In 2018 I first told you that the FTC sued nine corporations and three individuals involved in the selling of business education products online, through direct mail and at live events. They operated under the acronym MOBE which stands for My Online Business Education and promised to provide a “simple 21-step” system that would make their customers wealthy with little effort or skills. While initial registration in the system only cost about $49, victims of the scam were lured into enrolling in higher membership levels at a cost of as much as $29,997.

According to the FTC, the entire operation was a scam and people were thwarted when they tried to get their money back through the company’s promised 100% risk-free guarantee. A judge initially issued a temporary restraining order against the company stopping it from continuing to do business. Later in 2018 one of the defendants in the case, Susan Zanghi settled with the FTC. Along with turning over frozen assets to the FTC, she was also permanently banned from ever selling or marketing business coaching or investment opportunities. The FTC’s case continued against the other defendants and now has been settled with the defendants paying more than 23 million dollars to the FTC which is now being returned to victims of the scam.


As always, if it sounds too good to be true, it usually is.  Check out work at home scams like this with the big three – your local attorney general, the Better Business Bureau and the FTC.  And as always, you can Google the name of the particular company offering you the work at home program with the word “scam” next to it and see what turns up.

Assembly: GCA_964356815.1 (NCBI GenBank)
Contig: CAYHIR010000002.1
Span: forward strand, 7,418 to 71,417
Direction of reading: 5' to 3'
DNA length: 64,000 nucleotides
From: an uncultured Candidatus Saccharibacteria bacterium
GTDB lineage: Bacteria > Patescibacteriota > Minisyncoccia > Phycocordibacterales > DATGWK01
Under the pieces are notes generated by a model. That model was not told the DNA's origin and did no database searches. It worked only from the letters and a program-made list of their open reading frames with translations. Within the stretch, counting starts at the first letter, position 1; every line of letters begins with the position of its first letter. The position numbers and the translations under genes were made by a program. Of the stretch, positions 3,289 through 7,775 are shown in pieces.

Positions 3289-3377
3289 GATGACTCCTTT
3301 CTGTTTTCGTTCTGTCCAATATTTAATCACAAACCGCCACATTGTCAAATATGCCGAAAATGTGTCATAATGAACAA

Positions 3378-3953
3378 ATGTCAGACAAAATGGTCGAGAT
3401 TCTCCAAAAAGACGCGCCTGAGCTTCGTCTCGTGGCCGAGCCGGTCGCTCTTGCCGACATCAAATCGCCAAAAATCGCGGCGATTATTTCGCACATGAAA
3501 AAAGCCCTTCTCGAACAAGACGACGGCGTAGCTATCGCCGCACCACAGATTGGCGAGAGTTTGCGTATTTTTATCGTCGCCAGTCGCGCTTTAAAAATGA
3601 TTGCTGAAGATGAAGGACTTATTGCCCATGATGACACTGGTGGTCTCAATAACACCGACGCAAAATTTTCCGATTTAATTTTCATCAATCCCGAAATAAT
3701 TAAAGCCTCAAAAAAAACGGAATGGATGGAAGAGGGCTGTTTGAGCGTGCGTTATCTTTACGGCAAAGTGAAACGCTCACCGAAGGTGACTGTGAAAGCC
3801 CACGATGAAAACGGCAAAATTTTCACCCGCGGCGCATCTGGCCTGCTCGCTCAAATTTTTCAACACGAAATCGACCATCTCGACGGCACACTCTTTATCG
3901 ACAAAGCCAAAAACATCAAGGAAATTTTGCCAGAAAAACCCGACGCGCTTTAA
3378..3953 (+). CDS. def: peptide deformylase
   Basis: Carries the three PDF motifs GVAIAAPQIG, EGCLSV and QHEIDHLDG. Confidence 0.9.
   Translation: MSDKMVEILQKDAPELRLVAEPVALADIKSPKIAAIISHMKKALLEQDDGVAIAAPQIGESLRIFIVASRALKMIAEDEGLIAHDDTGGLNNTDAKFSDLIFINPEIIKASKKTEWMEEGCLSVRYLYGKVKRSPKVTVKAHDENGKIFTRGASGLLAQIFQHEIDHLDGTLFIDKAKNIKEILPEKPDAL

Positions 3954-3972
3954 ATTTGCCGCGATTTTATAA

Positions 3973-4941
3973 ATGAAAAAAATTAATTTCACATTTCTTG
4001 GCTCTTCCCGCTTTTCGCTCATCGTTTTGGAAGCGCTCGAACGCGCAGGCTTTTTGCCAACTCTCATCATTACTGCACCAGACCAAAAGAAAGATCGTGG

It is important to note that in 2021 the Supreme Court unfortunately ruled that the FTC did not have legal authority to collect money to be returned to victims of scams such as this.  Fortunately, the money being returned today related to cases filed prior to the Supreme Court’s decision.  The FTC is urging Congress to restore the FTC’s ability to get money back from scammers to return to consumers, but Congress still has not acted.  I urge you to contact your senators and representatives and ask them to pass the necessary legislation.

For those of you receiving the Scam of the day through an email, I just want to remind you that if you want to see the ever increasing list of Coronavirus scams go to the first page of the website and click on the tab at the top of the page that indicates “Coronavirus Scams.”

If you are not a subscriber to and would like to receive daily emails with the Scam of the day, all you need to do is to go to the bottom of the initial page of and click on the tab that states “Sign up for this blog.”